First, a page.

by Simon Schofield – Senior Fellow
2nd October 2013. Security and Defence, Issue 4, No. 1.
Whilst al-Qaeda has never been a particularly centralised organisation, in recent years it appears to have shifted from a model of a centralised franchise, which supports other groups to carry out attacks in their name, to a fractured structure of regional groups, each with its own internal politics and personal missions. This is not an al-Qaeda in decline, but an al-Qaeda in transition.
With conventional, traditional counterterrorism, the mantra was that you cut off the head of the snake and the body would die with it. But what if the snake is not a snake? What if al-Qaeda’s structure is more like a Hydra?
In a characteristically brash way, Leon Panetta commented shortly after taking office as Secretary of Defense that al-Qaeda’s strategic defeat was ‘in reach’. He said it was only necessary to kill or capture twenty or so members of the leadership of core groups and affiliates in Pakistan, Yemen, Somalia and North Africa. Whilst doing this would certainly do significant damage to al Qaeda, it was premature and unwise to suggest that ‘defeat’ was imminent.
In Greek mythology, the hero Hercules was tasked with killing the mighty hydra, a sea monster with multiple heads. The problem Hercules faced was that for every head he cut off the hydra, two more grew back in its stead, a problem which is not unlike the problem that counterterrorism faces today with al-Qaeda: it is not a snake. This was made abundantly clear, if it was not already so, with the death of Osama Bin Laden, which failed to finish off al-Qaeda, as some had hoped. Whilst al-Qaeda has never been a particularly centralised organisation, in recent years it appears to have shifted from a model of a centralised franchise, which supports other groups to carry out attacks in their name, to a fractured structure of regional groups, each with its own internal politics and personal missions. Many of these groups now have the support that the central leadership would once have given, including ideological/spiritual support, technical knowledge and money in-house.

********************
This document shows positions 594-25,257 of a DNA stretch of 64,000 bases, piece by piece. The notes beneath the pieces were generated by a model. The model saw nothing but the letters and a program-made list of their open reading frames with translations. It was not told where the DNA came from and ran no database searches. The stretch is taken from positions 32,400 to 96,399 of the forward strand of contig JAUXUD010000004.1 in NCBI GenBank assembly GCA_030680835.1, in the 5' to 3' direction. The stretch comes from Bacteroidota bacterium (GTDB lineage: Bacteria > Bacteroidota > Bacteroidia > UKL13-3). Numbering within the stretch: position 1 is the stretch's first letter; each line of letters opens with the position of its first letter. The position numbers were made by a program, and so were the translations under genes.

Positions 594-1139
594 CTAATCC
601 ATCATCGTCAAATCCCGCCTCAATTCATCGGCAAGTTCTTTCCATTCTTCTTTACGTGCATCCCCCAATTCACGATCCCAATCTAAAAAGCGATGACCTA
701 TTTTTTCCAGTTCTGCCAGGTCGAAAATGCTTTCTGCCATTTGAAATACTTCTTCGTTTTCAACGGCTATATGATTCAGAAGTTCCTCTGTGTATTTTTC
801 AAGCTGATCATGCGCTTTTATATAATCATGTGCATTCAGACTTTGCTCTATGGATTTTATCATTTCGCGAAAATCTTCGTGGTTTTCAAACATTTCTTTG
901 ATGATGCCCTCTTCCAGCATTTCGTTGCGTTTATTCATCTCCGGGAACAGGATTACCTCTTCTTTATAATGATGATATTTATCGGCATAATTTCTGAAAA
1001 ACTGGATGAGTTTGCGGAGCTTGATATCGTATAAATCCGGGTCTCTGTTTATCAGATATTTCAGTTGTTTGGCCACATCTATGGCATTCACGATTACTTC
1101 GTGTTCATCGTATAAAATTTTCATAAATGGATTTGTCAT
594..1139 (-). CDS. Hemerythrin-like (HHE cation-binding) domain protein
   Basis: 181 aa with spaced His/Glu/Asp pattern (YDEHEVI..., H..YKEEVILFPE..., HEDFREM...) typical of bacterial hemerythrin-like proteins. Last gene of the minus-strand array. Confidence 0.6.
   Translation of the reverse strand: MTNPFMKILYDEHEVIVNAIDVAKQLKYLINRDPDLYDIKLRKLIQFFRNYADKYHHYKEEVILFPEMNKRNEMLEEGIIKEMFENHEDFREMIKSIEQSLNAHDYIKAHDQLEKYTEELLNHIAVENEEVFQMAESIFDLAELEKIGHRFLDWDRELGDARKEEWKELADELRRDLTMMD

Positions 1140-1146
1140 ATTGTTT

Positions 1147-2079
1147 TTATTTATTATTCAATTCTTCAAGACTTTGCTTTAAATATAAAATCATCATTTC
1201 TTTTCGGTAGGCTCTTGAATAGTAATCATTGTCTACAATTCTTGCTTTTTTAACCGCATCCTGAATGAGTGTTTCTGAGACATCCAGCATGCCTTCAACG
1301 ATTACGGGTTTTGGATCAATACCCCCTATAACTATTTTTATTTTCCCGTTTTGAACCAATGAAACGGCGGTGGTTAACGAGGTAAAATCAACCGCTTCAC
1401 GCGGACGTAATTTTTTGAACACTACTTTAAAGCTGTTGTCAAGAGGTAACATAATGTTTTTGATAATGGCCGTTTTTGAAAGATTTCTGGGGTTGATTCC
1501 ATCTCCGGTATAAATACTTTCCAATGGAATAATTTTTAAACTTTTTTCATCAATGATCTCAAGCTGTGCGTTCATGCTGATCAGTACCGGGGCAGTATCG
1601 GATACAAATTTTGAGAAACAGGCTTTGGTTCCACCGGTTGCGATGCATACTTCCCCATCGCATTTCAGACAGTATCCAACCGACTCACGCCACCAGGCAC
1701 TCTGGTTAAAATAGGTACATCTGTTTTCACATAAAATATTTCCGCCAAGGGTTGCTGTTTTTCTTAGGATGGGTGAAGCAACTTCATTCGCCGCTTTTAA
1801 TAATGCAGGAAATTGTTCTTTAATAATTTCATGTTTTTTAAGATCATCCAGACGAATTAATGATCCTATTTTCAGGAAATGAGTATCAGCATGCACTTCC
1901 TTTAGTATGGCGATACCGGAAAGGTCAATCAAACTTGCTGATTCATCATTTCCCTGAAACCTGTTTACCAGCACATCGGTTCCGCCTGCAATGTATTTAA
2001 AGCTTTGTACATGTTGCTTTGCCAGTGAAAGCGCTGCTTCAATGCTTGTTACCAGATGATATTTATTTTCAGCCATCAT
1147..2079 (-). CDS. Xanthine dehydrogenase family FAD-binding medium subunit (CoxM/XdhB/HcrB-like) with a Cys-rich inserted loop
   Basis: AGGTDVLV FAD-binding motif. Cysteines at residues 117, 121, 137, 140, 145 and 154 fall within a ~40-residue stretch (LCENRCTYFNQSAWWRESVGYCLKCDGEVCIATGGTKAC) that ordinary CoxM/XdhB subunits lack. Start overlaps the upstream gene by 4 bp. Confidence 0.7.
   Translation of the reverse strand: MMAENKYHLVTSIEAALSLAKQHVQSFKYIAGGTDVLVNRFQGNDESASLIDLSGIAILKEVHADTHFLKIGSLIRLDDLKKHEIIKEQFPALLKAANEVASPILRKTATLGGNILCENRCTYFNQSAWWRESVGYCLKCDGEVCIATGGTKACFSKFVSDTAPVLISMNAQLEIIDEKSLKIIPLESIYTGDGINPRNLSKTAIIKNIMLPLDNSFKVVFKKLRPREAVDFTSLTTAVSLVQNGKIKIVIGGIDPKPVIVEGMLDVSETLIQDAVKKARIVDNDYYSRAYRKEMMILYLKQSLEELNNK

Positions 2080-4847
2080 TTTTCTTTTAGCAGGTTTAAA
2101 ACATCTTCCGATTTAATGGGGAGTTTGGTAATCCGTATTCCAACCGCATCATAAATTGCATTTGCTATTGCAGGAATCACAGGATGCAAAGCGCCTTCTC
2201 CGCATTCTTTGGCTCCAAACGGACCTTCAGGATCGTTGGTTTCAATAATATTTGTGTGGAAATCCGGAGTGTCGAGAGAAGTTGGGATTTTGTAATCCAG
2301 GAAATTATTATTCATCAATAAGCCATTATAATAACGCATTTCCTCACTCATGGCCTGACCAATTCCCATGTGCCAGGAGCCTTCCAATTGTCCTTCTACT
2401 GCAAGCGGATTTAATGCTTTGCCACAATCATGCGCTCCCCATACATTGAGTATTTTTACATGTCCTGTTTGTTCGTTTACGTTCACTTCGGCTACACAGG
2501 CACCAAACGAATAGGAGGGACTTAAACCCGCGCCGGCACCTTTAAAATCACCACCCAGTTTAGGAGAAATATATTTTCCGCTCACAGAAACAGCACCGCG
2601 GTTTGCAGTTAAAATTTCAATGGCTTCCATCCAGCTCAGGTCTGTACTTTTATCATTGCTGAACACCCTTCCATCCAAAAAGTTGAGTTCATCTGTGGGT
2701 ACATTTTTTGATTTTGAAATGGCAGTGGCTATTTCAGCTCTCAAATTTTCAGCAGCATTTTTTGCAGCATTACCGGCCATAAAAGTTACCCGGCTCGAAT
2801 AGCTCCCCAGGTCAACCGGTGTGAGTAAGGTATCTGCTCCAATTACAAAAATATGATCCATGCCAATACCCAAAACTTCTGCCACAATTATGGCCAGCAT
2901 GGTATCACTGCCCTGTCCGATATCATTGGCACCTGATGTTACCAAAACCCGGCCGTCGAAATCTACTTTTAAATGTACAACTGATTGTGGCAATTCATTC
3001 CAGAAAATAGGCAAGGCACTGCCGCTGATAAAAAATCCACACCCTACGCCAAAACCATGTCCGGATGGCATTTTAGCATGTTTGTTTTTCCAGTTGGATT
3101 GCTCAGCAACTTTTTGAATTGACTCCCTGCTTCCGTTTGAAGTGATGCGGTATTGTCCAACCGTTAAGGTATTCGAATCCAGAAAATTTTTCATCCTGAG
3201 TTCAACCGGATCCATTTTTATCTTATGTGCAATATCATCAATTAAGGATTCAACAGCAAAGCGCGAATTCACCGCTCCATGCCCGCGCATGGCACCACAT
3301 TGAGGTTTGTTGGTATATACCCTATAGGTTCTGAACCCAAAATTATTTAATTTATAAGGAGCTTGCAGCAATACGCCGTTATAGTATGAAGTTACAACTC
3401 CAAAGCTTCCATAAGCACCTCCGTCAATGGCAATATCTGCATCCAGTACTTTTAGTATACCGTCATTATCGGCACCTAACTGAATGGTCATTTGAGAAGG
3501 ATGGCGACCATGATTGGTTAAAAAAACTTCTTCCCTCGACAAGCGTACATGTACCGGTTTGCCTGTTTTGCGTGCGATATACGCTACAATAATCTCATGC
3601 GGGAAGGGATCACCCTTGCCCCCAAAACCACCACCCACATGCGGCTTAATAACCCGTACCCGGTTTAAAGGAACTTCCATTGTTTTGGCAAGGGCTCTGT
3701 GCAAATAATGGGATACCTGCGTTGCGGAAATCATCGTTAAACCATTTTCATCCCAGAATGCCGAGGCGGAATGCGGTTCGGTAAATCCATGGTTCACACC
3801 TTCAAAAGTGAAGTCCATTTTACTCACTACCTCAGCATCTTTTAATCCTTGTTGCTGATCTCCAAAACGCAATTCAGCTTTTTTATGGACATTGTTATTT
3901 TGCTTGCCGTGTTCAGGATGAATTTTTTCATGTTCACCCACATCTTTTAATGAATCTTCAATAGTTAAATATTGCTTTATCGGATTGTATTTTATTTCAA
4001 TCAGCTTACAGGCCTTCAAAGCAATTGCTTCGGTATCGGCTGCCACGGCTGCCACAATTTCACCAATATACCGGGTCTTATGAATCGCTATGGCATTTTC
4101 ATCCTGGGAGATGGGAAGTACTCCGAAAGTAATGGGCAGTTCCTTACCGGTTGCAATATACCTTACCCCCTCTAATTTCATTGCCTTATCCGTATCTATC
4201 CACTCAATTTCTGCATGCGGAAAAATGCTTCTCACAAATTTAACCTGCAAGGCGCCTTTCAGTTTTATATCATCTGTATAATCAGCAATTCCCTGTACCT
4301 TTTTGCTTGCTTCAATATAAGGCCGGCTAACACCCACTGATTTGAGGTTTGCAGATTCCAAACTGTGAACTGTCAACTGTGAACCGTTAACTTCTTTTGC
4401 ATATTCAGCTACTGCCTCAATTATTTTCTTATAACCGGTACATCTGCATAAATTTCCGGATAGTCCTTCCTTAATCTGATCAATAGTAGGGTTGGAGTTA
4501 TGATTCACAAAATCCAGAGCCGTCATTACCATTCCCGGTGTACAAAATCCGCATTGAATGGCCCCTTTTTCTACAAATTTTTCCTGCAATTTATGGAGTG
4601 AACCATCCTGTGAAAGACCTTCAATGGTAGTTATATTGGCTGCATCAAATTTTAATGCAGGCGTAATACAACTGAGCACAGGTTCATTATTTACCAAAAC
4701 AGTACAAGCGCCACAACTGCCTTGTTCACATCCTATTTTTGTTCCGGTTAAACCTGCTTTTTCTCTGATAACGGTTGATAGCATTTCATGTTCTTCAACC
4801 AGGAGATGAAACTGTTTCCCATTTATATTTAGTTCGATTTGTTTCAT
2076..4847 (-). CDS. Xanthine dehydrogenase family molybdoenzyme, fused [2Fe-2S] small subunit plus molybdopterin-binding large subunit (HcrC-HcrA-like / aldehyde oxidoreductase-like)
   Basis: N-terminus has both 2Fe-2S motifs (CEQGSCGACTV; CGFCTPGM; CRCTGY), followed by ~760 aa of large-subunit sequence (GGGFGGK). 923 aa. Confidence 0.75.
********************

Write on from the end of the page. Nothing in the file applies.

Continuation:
Since Bin Laden’s deputy Ayman al-Zawahiri took the helm of al-Qaeda’s overarching structure, al Qaeda has splintered. That is not to say that they have been destroyed, but rather that many of their activities are carried out by the regional fronts. There are likely a number of reasons for this change.
First of all, there is the age-old primary motivator that drives most decisions and actions to one extent or another: necessity. With al-Qaeda’s central leadership, mostly based in the Waziristan region of Pakistan, being hammered on such a regular basis by American drones, they have been unable to plan, support or carry out many attacks because they are on the run – or dead. This will obviously lead either to a specific delegation of responsibility from the central leadership, or the regional leaders taking the initiative and proactively filling the void left by the others.